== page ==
There’s a lot of ballyhoo in the media about whether young people are spending too much time on their phones: it’s the parental fret-fest of our generation. A new study by Pew Research suggests that teenagers have similar concerns.
“Roughly half of those ages 13 to 17 are themselves worried they spend too much time on their cellphones,” it explained.
“Some 52% of U.S. teens report taking steps to cut back on their mobile phone use, and similar shares have tried to limit their use of social media (57%) or video games (58%)… Fully 72% of teens say they often or sometimes check for messages or notifications as soon as they wake up, while roughly four-in-ten say they feel anxious when they do not have their cellphone with them. Overall, 56% of teens associate the absence of their cellphone with at least one of these three emotions: loneliness, being upset or feeling anxious.”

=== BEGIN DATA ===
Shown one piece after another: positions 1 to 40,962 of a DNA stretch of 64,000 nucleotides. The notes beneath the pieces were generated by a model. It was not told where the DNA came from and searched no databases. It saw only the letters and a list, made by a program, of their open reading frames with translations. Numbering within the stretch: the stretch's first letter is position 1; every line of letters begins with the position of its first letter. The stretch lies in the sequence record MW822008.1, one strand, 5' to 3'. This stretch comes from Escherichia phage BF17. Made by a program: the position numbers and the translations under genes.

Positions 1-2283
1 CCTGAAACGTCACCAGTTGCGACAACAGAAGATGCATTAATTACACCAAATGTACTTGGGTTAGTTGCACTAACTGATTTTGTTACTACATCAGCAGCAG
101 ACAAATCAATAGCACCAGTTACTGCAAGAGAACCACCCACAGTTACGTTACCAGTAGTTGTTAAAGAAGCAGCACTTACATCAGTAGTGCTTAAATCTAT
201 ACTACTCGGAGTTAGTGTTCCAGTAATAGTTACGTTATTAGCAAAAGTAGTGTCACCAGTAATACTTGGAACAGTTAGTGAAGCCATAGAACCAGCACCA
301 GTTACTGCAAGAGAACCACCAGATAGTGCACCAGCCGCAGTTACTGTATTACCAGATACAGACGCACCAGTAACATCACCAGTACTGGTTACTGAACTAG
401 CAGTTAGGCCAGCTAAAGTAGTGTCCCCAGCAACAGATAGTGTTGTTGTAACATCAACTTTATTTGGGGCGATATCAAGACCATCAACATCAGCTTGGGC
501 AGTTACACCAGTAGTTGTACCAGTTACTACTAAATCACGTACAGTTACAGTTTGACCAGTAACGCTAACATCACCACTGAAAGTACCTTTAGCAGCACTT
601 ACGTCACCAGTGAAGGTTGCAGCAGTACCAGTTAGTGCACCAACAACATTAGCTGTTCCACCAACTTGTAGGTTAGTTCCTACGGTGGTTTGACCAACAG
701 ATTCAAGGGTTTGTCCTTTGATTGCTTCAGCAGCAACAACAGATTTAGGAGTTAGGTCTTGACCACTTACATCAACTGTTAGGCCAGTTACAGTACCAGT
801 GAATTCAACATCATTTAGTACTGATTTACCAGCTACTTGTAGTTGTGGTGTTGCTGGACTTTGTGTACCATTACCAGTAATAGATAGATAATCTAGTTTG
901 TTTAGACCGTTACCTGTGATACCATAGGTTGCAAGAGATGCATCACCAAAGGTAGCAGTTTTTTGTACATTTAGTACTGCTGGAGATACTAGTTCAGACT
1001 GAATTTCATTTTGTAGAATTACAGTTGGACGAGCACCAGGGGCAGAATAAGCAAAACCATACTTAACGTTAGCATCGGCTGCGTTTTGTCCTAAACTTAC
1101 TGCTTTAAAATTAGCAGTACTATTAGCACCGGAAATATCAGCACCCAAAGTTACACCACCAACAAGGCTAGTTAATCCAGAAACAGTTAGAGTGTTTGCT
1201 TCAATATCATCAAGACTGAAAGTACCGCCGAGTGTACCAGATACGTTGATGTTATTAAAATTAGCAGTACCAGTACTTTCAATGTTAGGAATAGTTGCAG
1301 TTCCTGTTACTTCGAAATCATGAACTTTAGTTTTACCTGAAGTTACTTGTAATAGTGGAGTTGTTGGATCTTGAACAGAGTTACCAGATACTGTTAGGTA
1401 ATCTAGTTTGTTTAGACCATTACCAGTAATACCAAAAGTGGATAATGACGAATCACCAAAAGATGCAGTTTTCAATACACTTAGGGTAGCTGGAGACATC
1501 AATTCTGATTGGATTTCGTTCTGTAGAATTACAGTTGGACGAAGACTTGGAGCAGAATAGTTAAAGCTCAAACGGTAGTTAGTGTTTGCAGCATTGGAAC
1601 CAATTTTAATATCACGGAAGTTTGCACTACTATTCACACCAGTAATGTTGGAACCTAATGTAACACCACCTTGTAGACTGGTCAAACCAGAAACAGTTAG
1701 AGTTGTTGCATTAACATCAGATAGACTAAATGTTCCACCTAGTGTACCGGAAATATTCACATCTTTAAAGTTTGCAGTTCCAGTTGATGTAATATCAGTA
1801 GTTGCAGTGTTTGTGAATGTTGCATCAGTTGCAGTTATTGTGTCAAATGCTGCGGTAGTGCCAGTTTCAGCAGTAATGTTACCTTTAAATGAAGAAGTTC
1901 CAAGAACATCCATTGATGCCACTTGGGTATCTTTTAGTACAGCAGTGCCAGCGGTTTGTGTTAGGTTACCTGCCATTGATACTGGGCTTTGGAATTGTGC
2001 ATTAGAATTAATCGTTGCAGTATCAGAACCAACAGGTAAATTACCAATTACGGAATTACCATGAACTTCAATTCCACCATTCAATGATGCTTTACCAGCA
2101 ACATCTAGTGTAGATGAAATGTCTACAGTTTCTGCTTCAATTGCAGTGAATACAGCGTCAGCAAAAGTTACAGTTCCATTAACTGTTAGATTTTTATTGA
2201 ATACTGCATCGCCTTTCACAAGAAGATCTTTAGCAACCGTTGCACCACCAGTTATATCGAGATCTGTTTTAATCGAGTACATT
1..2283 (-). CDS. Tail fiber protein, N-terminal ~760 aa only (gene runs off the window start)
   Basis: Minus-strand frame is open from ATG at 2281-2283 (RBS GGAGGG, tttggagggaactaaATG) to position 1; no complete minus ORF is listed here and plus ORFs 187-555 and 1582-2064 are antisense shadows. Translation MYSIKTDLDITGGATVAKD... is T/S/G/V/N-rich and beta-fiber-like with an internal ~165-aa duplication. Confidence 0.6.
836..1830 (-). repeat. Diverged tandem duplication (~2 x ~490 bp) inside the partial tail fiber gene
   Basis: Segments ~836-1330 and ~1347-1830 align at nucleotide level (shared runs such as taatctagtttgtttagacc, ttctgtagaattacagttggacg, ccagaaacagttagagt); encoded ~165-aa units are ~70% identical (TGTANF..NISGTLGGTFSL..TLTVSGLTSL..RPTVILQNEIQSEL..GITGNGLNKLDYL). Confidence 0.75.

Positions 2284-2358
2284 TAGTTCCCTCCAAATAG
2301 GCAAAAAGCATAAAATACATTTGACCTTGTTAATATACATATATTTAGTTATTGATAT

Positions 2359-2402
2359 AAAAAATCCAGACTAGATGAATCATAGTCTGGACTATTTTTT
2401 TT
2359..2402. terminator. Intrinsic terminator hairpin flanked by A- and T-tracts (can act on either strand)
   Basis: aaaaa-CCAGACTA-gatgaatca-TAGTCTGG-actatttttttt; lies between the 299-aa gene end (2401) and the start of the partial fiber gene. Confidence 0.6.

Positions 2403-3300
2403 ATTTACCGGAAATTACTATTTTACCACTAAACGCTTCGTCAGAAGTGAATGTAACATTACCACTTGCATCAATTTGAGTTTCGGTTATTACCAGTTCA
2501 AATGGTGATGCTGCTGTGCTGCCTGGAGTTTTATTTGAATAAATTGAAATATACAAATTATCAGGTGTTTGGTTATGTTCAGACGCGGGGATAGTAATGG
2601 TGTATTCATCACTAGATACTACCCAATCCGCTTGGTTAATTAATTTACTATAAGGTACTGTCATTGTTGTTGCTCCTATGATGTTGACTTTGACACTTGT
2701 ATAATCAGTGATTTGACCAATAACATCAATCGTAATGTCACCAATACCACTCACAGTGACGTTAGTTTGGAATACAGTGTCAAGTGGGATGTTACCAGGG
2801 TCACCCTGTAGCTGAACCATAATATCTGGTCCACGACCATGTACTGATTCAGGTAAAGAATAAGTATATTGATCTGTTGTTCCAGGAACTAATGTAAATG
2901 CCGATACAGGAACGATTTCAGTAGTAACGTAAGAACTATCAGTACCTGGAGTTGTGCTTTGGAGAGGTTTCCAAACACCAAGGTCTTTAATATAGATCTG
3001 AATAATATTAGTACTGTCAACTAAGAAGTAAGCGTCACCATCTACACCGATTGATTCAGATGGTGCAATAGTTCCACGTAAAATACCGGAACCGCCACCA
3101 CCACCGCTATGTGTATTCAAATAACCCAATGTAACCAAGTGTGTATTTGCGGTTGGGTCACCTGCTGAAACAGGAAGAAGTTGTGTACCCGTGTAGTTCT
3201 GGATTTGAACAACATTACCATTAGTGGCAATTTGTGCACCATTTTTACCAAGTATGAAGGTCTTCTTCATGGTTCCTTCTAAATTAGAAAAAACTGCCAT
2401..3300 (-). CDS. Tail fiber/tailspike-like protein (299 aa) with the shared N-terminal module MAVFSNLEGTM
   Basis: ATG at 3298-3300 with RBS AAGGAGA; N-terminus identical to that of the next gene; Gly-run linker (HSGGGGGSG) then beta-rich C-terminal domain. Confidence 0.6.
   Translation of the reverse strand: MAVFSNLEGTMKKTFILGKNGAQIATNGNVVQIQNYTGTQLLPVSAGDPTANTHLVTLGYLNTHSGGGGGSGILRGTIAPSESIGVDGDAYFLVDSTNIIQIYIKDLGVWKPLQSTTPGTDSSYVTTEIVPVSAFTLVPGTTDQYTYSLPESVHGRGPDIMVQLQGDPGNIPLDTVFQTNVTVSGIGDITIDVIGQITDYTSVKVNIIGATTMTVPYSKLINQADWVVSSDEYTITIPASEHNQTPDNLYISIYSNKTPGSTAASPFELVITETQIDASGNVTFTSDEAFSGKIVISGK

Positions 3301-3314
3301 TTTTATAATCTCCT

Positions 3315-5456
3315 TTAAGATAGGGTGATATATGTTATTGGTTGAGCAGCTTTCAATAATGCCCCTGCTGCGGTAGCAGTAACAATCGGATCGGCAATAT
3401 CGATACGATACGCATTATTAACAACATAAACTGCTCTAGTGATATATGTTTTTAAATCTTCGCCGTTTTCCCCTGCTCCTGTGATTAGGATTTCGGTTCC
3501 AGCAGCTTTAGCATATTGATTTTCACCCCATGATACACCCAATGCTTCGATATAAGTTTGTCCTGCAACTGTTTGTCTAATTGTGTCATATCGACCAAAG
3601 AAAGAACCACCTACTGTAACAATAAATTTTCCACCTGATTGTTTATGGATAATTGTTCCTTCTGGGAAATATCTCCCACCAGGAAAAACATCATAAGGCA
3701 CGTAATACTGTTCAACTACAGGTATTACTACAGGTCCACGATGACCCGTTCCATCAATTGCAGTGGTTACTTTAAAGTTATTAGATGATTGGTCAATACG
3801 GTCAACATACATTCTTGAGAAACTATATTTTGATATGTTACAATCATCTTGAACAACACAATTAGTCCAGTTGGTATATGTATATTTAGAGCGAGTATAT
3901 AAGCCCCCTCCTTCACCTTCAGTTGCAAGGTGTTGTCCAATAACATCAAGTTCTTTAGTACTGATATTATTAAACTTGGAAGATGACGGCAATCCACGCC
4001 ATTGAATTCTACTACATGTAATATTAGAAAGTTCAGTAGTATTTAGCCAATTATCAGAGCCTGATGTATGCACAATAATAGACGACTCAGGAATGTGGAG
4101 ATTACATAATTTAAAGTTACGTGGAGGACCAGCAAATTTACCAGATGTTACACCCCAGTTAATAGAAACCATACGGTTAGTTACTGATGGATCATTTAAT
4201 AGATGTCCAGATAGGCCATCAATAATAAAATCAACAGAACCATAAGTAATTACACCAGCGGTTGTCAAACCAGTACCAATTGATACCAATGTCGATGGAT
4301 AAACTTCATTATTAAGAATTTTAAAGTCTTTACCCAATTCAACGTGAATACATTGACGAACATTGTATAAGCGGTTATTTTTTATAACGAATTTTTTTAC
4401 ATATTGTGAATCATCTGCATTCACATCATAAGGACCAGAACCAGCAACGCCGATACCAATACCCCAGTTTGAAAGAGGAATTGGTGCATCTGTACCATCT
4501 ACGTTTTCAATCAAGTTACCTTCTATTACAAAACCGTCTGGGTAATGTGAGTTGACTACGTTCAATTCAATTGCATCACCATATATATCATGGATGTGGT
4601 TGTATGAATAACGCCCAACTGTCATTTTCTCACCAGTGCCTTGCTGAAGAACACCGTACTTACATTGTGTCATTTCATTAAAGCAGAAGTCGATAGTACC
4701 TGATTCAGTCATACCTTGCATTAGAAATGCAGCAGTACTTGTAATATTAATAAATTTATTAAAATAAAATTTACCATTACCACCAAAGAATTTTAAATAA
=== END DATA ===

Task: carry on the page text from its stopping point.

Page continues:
It’s quite a bleak picture, although the study is also good on how parents don’t necessarily have the moral high-ground in this particular issue.
“36% say they themselves spend too much time on their cellphone. And 51% of teens say they often or sometimes find their parent or caregiver to be distracted by their own cellphone when they are trying to have a conversation with them.”